Interview with Y. M. Nelson

Who are your favorite authors?
Anne Tyler, Jennifer Weiner, Toni Morrison. I have a special place in my heart for Bethanie F. DeVors and Sienna Snow. I just got introduced to Mary Kay Andrews--she's my "guilty pleasure" read. Um, yes, I realize there are no guys on here. I don't have anything to say about that.
What are your five favorite books, and why?
My current 5 favorite books (in no particular order): "Catch-22" by Joseph Heller; "The Accidental Tourist" by Anne Tyler; "The Road" by Cormac McCarthy; all of the Harry Potter novels by J.K. Rowling (can I count those as 1?); "The Song of Solomon" by Toni Morrison. This changes somewhat depending on my mood and what I've read, but these have been favorites of mine for several years now.

"Catch-22" is the epitome of funny antics and political/societal commentary. It's entertaining, but at the same time makes a meaningful point that even rings true beyond the times in which it was written.

"The Accidental Tourist" taught me something about myself as a writer and a reader: I love flawed characters. I love people who are having real love relationships with real problems, but at the same time have real passion for life. I have a hard time liking a novel when characters are too perfect. The characters in "TAT" are some messed up people, but they are really living! Or trying to, anyway.

"The Road" was an exhausting read for me. And yes, that was a good thing. To know that a book can impact you not just mentally and emotionally, but also physically exhaust you--that's a real experience. That's a powerful piece of writing. It also scares the daylights out of me what a post-apocalyptic world could look like.

The Harry Potter series as a whole was magnificently written. I experienced reading these as an adult, and I found so many layers there that I wouldn't have if these had been around when I was a kid. Also, J.K. is a master of language: phonics and diction/figurative language. (Severus Snape? I mean, come on! Genius!) I haven't seen this level of artistry with language without it being poetry since Shakespeare.

"The Song of Solomon" does with description what I WISH I could do. I'm not good with description; I'm better with dialogue. Toni Morrison is a master of descriptive language, in my opinion. She's also a master of poetic prose, and I think this novel is her best version of that.
What inspires you to get out of bed each day?
"I gotta make the donuts!" :)
Really, though, I don't want to waste a day and all the experiences I could have for that day. So, that requires me to get out of bed.
How do you discover the ebooks you read?
Right now, I'm surrounded by readers: at work, in my group of friends, etc. There's no way I can lug around all the books people recommend I read, so I find ebook versions. Best idea ever for a voracious reader.
Do you remember the first story you ever wrote?
I don't remember the first STORY I ever wrote, but the first piece of writing I did for fun was a poem called "On An Open Plain." Most of the stories I wrote afterwards are like the ones I have continuously written: short, love stories with little bits of funny throughout them, kind of like "Twenty Four Hours of Freedom." (on sale now)
When did you first start writing?
I first started writing when I was in 7th grade. I wrote a poem called "On An Open Plain." I rarely write poetry now. I don't know what I did with my one lonely copy of that. I wrote my first "novel" over summer break between 10th and 11th grade. It was 100 written pages (our typewriter was only for business stuff or homework, not for fun). I still have that, and I plan to rework the draft into a publishable novel after I finish the serial I'm working on now.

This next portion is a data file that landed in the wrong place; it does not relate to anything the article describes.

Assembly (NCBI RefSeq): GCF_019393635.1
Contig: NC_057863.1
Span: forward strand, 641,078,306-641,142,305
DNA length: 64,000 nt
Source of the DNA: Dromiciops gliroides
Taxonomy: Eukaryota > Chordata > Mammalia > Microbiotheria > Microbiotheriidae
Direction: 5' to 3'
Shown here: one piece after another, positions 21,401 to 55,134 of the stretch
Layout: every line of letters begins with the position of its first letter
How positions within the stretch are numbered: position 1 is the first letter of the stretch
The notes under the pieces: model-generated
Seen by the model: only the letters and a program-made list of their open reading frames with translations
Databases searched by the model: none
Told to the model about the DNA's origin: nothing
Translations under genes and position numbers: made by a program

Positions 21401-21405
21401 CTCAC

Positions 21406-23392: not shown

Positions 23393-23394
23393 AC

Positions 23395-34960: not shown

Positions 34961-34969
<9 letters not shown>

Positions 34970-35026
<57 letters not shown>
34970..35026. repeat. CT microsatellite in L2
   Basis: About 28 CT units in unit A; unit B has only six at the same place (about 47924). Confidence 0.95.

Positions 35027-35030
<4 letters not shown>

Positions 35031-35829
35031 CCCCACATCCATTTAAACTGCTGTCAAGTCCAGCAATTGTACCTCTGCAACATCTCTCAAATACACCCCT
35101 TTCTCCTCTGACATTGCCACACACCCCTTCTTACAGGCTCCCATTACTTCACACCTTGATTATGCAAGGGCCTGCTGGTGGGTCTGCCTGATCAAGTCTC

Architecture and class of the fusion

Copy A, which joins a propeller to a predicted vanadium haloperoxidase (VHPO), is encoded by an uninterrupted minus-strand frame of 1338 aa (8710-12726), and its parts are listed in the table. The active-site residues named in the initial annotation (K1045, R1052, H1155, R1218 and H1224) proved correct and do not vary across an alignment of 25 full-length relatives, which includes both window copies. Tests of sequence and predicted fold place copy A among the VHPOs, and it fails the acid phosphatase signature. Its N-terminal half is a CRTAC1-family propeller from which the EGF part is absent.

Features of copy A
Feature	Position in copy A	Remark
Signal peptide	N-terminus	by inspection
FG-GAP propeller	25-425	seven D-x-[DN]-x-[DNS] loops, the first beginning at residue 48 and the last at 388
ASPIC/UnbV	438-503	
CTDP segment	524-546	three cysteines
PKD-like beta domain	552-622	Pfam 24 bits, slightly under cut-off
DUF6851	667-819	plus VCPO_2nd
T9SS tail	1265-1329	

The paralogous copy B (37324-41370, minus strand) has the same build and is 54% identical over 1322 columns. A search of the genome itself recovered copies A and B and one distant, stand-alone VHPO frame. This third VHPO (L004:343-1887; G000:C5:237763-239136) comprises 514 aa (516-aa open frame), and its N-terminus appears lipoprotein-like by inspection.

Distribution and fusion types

What do you read for pleasure?
Most of my pleasure reading is in the same vein in which I write: women's fiction with a romantic bent, or straight-out romance. Mary Kay Andrews' novels and Janet Evanovich's "Stephanie Plum" series have recently become a guilty pleasure for me. I love Jennifer Weiner's novels for pleasure reading.

When I'm in a different (read: darker) mood, I like to read mystery or thriller novels: Charlaine Harris is my favorite author here (Yes, I have read all the Sookie Stackhouse novels, and no, I didn't like Trueblood (TV series from the novels)). Although, I also like JP (James Patterson), and SK (Stephen King).
What is your writing process?
My creative stuff [writing] usually starts off with a dream or a scene that keeps flashing through my mind, annoying me until I write it down. Then characters emerge and start talking to me or to each other in my mind. It's a wonder I haven't yet had a nervous breakdown. But then, I've heard that most creative writers hear imaginary voices, so I feel pretty sure they won't drag me away to Arkham any time soon.
Describe your desk
I like this question. My desk is a mess. I understand it, but no one else does.
What are you working on next?
Currently, I am working on creating Book 2 in my "Living Between Dreams" series and getting my first novel in the series ready for publication. You can see the first chapter of "Living Between Dreams" at the end of "Twenty-Four Hours of Freedom." (on sale now)
Published 2018-04-09.
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Books by This Author

Twenty-Four Hours of Freedom
Series: Owen & Makayla Trilogy. Price: $0.99 USD. Words: 5,740. Language: English. Published: February 7, 2017. Categories: Fiction » Romance » Contemporary, Fiction » Romance » Short stories
What would you do if you found out today was your last day of freedom? Newly reunited best friends Owen and Makayla had planned to spend a normal day in the city. . .until Owen gets a call that he’s to remain where he is at Makayla’s house. In 24 hours, he will be picked up on a warrant and taken to jail over a business dispute that’s turned very ugly. How will the two spend Owen's last 24 hours?